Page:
Highest greetings from London, my posting for the next month except for a brief two-day excursion to Amsterdam for the beginning of the annual Cannabis Cup festivities and my performance at our annual Viper Madness party with an all-star band of Vipers.
I’ve been attending the Amsterdam event for the past 15 years—since my initial appearance as the High Priest of the Cannabis Cup in 1998—and for the past 10 years I’ve been traveling back and forth from Detroit to Amsterdam with side trips all over the western world, then back to New Orleans and many other spots in the United States where my work as a poet, performer, journalist and internet broadcaster may take me.
I have a daughter in New Orleans and a daughter and granddaughter in Detroit and stepdaughters and more grandchildren around Atlanta and hundreds of friends all across the country, so it pleases me in my old age to travel from place to place to see as many of them as I can.
I’ve been living by my wits for the past 50 years and never had a real job, so I depend on my family and friends to provide my social security, augmenting what I can earn with my work—not much!—and furnishing room and board, a warm place to stay and something for breakfast in the morning. I don’t have a place of my own, a car or any obligations, so my concerns are pretty much centered on daily food & drug administration issues and the incidentals of travel.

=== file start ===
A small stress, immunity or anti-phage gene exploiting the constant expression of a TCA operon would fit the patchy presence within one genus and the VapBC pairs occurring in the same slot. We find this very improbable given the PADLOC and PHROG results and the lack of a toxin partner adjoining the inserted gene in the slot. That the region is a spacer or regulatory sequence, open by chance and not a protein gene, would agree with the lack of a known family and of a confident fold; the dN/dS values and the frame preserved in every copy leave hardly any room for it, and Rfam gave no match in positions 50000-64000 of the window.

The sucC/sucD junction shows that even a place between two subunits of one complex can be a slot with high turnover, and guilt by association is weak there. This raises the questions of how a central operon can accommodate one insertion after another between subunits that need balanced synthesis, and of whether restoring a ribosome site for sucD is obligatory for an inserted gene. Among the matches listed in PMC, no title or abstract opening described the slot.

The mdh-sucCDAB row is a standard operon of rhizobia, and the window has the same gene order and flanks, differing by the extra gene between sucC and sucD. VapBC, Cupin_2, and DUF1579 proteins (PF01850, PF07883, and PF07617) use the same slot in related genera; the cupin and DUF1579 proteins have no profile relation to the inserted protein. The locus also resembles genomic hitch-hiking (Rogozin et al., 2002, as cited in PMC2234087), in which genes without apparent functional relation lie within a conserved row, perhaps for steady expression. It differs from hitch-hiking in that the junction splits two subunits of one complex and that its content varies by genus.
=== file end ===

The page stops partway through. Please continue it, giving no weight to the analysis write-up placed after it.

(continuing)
I don’t have a travel allowance of my own, so I depend on invitations to key entry points with plane tickets attached to get me around, and it seems to be working pretty well so far. Right now I’m comfortably ensconced in the Blackheath studio of my pal Nick Smith in London, home of his internet radio station called The Fuck You Sound—broadcast every Sunday morning on RadioFreeAmsterdam.com—and I’ll be here until almost Christmas, when I’ll be able to return to Amsterdam for the holidays and the month of January.
My dad used to say how he’d come a long way from the bean farm in Kinde where he grew up in the Thumb, and I often like to think of how far I’ve ranged from my origins in Davison, Michigan and my intellectual apprenticeship in Flint more than half a century ago. It’s been a long, strange, exhilarating journey and I’ll stay on the road I’m on as long as they let me.
That brings me back to my present predicament: when I arrived at Schipol Airport in Amsterdam just after Election Day to settle into what I thought would be a worry-free three months of relaxation and uninterrupted intellectual work in Holland for the winter, the customs man calmly informed me that I’d spent most of my allotted 90 days in the Euro Zone in Amsterdam during the summer and had only four days left until I could come back at the beginning of the next six-month period.
I’ve been traveling back and forth from America to the Netherlands and other points in the Euro Zone for the past ten years, but somehow my schedule has worked out so that I’d never spent more than three months at a time in Europe and I‘d never heard of this 90-day limit.